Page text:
In what has been a string of recent favorable decisions for employers, the Supreme Court of Puerto Rico recently issued another opinion, this time elaborating on the evidentiary standard for wrongful termination claims under Act No. 80 of May 30, 1978 (“Act 80”) after a corporate reorganization. Additionally, and perhaps the most important holding of the opinion, the High Court adopted the sham affidavit doctrine, developed by federal courts, making clear that courts cannot consider a plaintiff’s affidavit that contradicts prior deposition testimony in determining whether a genuine controversy of a material fact exists that would preclude entering summary judgment.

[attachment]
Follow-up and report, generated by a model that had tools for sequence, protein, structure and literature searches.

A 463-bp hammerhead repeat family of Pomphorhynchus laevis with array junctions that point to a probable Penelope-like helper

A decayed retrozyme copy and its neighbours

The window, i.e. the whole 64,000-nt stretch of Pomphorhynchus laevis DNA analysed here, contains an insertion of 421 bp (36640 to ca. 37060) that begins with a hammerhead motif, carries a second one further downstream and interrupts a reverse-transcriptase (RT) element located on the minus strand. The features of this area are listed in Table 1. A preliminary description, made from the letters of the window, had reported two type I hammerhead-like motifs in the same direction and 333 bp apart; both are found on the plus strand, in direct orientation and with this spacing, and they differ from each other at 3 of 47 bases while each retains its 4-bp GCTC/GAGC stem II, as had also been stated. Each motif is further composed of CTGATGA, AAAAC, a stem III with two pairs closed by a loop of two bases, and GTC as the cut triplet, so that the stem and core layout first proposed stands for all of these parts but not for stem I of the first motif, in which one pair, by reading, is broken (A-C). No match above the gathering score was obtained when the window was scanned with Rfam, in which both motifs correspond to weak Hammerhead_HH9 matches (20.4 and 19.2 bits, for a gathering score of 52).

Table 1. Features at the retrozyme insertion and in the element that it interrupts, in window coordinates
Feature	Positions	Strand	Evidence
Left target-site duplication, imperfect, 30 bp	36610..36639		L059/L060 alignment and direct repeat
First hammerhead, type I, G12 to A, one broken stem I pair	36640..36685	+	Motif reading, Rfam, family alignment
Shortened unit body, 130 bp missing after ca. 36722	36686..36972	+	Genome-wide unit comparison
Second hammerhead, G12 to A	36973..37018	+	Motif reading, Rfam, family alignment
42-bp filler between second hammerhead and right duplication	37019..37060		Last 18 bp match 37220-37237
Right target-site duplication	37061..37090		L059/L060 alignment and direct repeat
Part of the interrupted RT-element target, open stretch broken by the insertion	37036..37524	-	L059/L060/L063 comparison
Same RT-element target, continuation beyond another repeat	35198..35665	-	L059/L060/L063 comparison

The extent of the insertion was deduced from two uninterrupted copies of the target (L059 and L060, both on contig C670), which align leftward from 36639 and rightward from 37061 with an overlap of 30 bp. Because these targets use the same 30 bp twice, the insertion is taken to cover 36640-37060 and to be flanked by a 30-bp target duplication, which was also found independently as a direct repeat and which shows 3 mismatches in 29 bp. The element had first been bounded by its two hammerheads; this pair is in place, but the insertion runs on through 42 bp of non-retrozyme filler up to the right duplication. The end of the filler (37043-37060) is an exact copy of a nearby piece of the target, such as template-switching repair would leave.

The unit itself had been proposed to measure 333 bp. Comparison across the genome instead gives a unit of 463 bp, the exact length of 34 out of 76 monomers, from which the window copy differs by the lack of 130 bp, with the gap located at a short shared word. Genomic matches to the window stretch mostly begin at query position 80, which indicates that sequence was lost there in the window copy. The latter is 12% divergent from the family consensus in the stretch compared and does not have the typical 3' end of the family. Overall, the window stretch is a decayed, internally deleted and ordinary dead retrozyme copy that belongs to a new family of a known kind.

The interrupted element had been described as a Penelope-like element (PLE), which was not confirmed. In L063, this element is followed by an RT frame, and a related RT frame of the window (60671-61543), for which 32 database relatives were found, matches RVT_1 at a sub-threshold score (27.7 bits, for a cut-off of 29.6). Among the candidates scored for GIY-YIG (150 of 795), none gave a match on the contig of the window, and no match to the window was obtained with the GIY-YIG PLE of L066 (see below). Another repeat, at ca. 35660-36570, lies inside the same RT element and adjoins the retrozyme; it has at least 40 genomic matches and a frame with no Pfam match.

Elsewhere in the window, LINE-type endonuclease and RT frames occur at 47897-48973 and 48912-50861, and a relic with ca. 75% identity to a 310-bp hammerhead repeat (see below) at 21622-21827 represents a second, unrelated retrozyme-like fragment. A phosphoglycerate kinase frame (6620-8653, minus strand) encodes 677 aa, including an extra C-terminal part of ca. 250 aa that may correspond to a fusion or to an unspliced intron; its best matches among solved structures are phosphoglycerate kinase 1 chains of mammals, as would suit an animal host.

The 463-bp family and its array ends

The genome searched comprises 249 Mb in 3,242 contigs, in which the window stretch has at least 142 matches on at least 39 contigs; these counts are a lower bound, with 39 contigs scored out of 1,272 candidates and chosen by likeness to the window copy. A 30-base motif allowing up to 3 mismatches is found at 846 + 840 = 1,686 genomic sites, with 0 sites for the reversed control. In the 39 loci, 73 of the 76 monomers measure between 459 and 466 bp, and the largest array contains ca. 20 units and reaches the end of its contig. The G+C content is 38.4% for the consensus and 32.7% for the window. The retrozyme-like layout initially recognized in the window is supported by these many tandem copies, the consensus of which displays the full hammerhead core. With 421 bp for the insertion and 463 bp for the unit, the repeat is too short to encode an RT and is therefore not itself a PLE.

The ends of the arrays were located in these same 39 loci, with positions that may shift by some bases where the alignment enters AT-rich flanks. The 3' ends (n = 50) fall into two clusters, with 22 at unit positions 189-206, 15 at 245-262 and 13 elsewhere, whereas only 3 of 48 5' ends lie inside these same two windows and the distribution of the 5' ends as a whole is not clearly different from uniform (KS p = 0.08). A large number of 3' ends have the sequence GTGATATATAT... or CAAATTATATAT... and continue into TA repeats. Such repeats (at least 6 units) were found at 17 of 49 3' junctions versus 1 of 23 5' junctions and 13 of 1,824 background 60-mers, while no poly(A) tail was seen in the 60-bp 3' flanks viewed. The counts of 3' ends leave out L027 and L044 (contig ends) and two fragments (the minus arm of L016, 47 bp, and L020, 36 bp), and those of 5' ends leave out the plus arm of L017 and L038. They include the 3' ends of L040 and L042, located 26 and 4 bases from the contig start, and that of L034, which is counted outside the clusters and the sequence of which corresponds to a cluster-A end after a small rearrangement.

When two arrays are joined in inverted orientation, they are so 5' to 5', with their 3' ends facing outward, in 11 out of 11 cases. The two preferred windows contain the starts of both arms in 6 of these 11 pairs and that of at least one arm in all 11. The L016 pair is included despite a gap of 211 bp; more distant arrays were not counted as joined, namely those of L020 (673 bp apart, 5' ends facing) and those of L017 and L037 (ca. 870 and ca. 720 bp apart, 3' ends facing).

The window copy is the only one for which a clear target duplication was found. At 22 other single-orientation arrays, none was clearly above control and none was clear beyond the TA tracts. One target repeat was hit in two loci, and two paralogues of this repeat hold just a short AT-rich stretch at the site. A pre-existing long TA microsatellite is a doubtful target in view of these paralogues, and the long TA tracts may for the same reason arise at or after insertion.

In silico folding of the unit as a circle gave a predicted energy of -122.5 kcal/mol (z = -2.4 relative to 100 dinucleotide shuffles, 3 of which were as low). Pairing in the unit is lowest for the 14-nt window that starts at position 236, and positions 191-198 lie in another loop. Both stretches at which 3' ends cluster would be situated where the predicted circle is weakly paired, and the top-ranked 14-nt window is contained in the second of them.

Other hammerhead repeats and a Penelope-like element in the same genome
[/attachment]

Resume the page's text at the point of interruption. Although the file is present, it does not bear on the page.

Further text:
Seeking to allow non-exempt employees to use paid sick leave for the illnesses of their family members and others, the Puerto Rico Legislature has sent a bill to Governor Alejandro García-Padilla to so amend the Commonwealth’s existing paid sick leave law. If House Bill 695 is approved, the amendments would become effective immediately. The Governor has 30 days to approve or veto HB 695.
In a unanimous decision, the Supreme Court of Puerto Rico recently reaffirmed its previous position that an act of aggression by an employee towards a coworker is sufficient to establish just cause for termination under Puerto Rico’s Unjustified Dismissal statute, Act No. 80 of May 30, 1978 (“Act 80”), even when the aggression is a first-time offense.